Soil Health in Cropping Systems After Pipeline Disturbance
Experimentation proves you can rehab land value and productivity
Published in July, 2018
By Andrea DeRoo
In a previous article, I mentioned our farm’s experience with less productive land after a pipeline has been trenched through (Figure 1). Work done by Agriculture Canada in Ontario showed yields on the right of way were reduced by half for two years after pipeline installation, and smaller but significant yield losses were noticeable into the fourth year.
The research concluded that soil mixing and compaction on the right of way had negative impacts on crop yields due to the change in the soil chemistry and physical properties.
While we support the implementation of pipelines for the transportation of oil products, we also want to ensure the livelihood of the land and our farm stays strong. To amend the negative effects of pipeline soil disturbance, we’ve recently started to experiment with cover crops and intercrops on our farm, in hopes of improving soil health.
Figure 1: 2017 crop health image of a field with a section of pipeline installed in 2007 running on the north end. (Photo: Farmers Edge)
The principle of cover cropping is to plant crops that cover the ground while providing additional benefits. These benefits could include suppression of pests (disease, weeds and insects), increasing biodiversity from soil bacteria and fungi to wildlife, and improving soil quality with organic matter. Cover cropping can seem intimidating, but with adequate research and time, can really improve soil health. Start small, i.e. on the pipeline right-of-way.
Factors to Consider:
What do I want to accomplish: to prevent erosion, fix nitrogen, suppress weeds or break up compaction?
Can I make cover crops work with my cash crop: plant after harvest, inter-seeded, or relay cropping?
Are there any limitations or special requirements: drought, season length, or equipment and technology?
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The priorities for our cover crop were to increase organic matter and improve water filtration (compaction) using species that cattle could feed on. The blend consisted of collards, ryegrass, radish and clover and was seeded in mid-July (Figure 2).
Within three weeks of seeding, the ground was covered and the radish roots were the width of a quarter and up to four inches deep.
Figure 2: Cover crops can be used in-season on unseeded acres (top) or under-seeded in-crop. A diverse mix such as the radish, ryegrass, collards, and clover species (below) supply different advantages to the improvement of soil health.
At the time of this writing, we have not done any evaluations of changes in soil health parameters (fertility, organic matter content and water filtration), but it certainly looks better than weeds and exposed soil. Additionally, this land that was once unproductive for crops will now be used as a feed source for 50 cow-calf pairs after harvest of the surrounding crops, further adding value to the farm.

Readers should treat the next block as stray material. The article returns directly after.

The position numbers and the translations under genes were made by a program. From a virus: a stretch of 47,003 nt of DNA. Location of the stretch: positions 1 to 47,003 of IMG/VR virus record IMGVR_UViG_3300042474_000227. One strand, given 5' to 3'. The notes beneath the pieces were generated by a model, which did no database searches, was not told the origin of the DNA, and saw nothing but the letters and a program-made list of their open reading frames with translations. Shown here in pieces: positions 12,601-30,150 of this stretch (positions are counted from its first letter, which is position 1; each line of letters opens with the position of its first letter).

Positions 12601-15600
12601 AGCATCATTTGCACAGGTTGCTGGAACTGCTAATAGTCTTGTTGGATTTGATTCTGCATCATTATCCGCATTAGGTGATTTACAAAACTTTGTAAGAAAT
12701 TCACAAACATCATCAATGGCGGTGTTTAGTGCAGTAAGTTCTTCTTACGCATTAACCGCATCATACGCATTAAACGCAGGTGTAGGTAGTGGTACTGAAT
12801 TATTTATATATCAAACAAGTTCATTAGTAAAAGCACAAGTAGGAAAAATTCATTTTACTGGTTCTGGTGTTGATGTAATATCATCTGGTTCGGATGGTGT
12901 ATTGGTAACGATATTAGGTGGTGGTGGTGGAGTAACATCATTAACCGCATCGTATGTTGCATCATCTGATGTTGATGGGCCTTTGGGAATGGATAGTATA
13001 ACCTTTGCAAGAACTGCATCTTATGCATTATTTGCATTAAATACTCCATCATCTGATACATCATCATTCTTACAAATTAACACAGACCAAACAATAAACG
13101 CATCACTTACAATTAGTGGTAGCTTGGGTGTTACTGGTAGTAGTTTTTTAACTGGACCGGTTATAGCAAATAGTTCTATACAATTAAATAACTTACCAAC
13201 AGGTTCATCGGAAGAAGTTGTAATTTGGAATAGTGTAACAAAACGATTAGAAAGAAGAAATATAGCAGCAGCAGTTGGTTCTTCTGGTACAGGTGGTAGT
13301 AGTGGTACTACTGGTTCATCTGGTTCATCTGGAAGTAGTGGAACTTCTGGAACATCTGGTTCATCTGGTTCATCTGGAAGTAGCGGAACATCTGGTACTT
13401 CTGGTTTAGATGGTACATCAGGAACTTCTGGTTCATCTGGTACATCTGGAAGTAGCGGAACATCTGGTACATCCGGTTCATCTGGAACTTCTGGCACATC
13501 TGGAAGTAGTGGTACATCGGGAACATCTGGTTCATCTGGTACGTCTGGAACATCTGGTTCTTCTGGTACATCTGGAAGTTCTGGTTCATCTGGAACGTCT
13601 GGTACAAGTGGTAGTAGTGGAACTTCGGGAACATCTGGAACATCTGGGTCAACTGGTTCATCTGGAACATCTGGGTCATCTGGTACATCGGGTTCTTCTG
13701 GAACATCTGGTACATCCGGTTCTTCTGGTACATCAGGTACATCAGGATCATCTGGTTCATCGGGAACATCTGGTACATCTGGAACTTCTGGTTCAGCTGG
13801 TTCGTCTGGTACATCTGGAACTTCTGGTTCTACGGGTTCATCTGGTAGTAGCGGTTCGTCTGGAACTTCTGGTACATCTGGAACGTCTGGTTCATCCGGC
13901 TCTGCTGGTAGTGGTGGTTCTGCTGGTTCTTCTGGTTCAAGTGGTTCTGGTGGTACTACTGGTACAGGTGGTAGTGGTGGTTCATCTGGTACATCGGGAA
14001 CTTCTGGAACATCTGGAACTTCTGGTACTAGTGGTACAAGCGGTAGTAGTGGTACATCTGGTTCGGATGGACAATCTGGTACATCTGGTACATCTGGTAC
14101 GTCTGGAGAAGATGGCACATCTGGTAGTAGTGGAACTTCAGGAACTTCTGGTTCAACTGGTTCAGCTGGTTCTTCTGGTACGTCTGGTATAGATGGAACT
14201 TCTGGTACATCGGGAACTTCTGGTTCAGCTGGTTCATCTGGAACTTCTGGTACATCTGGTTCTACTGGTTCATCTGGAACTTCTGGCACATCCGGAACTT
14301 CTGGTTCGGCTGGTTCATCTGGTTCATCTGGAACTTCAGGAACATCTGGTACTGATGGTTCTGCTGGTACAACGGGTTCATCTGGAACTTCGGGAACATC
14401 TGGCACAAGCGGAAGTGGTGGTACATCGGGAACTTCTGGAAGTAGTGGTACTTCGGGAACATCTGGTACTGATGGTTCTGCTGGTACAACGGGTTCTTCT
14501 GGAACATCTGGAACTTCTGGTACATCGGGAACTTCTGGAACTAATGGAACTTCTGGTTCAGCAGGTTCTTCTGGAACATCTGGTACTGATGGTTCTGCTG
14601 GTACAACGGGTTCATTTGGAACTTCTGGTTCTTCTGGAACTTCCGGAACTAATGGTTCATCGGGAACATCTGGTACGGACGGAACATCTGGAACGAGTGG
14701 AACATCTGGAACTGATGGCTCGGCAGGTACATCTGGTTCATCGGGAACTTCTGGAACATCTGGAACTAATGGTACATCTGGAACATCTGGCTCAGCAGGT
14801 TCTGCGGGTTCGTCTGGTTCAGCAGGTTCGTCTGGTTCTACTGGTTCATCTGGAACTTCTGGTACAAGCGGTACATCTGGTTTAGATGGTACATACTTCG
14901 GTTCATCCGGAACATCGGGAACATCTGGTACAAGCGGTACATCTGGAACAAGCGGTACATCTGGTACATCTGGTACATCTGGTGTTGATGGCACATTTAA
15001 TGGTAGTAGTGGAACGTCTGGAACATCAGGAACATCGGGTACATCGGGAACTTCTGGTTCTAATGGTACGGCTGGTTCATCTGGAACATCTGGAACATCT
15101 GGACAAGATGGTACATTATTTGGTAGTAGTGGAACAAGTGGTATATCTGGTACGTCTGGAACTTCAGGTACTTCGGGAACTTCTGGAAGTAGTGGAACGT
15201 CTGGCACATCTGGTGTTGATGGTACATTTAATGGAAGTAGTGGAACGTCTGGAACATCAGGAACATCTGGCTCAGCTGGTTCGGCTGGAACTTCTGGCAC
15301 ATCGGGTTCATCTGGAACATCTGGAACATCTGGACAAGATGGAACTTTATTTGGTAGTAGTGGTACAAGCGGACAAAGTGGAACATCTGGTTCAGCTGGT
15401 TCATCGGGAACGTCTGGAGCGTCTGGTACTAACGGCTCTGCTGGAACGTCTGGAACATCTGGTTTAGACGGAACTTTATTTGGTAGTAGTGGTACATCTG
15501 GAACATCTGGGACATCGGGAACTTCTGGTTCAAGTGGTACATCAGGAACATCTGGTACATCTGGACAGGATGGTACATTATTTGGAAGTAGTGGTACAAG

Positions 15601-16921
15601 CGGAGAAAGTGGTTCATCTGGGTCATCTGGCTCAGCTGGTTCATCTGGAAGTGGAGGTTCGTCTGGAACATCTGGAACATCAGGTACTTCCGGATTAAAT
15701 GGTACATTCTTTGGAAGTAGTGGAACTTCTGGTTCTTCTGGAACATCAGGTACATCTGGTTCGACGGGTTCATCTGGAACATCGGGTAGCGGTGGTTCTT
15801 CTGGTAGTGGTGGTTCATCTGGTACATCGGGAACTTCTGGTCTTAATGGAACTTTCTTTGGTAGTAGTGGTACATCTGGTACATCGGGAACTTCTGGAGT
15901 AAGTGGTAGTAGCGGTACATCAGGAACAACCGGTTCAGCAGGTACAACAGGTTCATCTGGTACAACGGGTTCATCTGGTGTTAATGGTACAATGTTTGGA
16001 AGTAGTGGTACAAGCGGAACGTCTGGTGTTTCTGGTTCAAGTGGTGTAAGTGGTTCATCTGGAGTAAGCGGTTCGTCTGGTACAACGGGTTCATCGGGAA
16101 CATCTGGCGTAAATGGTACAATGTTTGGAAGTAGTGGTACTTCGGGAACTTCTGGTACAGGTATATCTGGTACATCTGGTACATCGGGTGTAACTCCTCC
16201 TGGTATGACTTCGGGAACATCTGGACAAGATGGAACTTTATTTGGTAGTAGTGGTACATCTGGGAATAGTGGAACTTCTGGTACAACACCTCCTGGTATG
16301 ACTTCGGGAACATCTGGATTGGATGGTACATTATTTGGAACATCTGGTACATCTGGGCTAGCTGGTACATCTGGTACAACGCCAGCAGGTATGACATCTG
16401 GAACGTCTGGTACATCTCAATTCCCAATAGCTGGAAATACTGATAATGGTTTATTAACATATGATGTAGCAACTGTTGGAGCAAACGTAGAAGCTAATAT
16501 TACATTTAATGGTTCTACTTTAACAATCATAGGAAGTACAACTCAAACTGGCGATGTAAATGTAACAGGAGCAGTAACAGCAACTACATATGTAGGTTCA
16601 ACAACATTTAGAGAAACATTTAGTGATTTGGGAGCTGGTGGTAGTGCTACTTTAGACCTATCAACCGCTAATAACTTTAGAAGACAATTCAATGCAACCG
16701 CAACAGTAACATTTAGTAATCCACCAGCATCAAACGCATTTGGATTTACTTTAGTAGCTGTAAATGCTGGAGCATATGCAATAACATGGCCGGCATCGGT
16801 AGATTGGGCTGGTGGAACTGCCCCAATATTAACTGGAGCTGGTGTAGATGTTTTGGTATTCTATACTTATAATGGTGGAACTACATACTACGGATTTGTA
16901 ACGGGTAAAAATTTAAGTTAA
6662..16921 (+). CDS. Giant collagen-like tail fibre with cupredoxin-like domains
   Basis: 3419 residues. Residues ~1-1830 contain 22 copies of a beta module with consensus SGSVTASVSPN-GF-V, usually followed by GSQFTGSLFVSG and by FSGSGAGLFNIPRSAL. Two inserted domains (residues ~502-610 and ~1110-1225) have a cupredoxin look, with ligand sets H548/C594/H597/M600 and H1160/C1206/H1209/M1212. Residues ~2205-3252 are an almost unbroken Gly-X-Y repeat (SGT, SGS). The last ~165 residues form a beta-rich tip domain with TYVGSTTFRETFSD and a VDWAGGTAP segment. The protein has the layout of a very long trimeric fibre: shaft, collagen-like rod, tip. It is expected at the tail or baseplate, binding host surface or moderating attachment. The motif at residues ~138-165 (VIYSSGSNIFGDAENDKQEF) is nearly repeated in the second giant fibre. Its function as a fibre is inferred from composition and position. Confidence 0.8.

Intercropping is a cropping system that involves growing two or more crops together or in close proximity with each other. There are four types of intercropping: row, strip, mixed, and relay.
Factors to Consider with Intercropping:
Look for compatibility between species: water, fertility and herbicide tolerance.
How will the plants affect each other: out-compete, climb or hold each other up
How easy is it to separate seed?
Our intercrop trial was a mixed intercrop of peas and canola. Selecting a canola variety that would match the input and maturity timing of peas was important. We went with a straight-cutting, Clearfield canola variety that was early maturing.
Phosphorus, potassium and sulphur were applied as recommended by a soil test, but nitrogen application was low to encourage N-fixation in peas. Peas and canola were seeded at 3 bu/ac and 3 lbs/ac, respectively. The two crops compensated for each other in areas that were not best for growth for the other (Figure 3). This made for the best use of space and nutrients in the field.
Figure 3: Peas were able to accelerate in areas with lower fertility with their ability to fix nitrogen from the air, while the canola fared better in areas that were exposed to increased moisture.
The intercrop had not yet been harvested at the time of this article, but evaluations over the course of the season show significant economic advantages. Minimal in-crop products were used—light fertility and herbicide products only.
As a bonus, it is now difficult to distinguish what part of the field was disturbed by pipeline activity.
Ultimately, a key component to rehabilitating fields after pipeline disturbance is improving soil health. This can be a challenging task that requires proactive planning and some out-of-the-box thinking, but small changes in-crop can be made to build positive changes over time.
For more information, check out some growers:
—Andrea De Roo, M.Sc. P.Ag, wishes to credit the following sources: Culley, J.L.B., B.K. Dow, E.W. Presant and A.J. Maclean, 1981. Impacts of installation of an oil pipeline on the productivity of Ontario cropland. Agriculture and Agri-Food Canada. Government of Canada. Follow Andrea on Twitter @AgKnowledge06.
Published in PIPELINE OBSERVER FALL 2017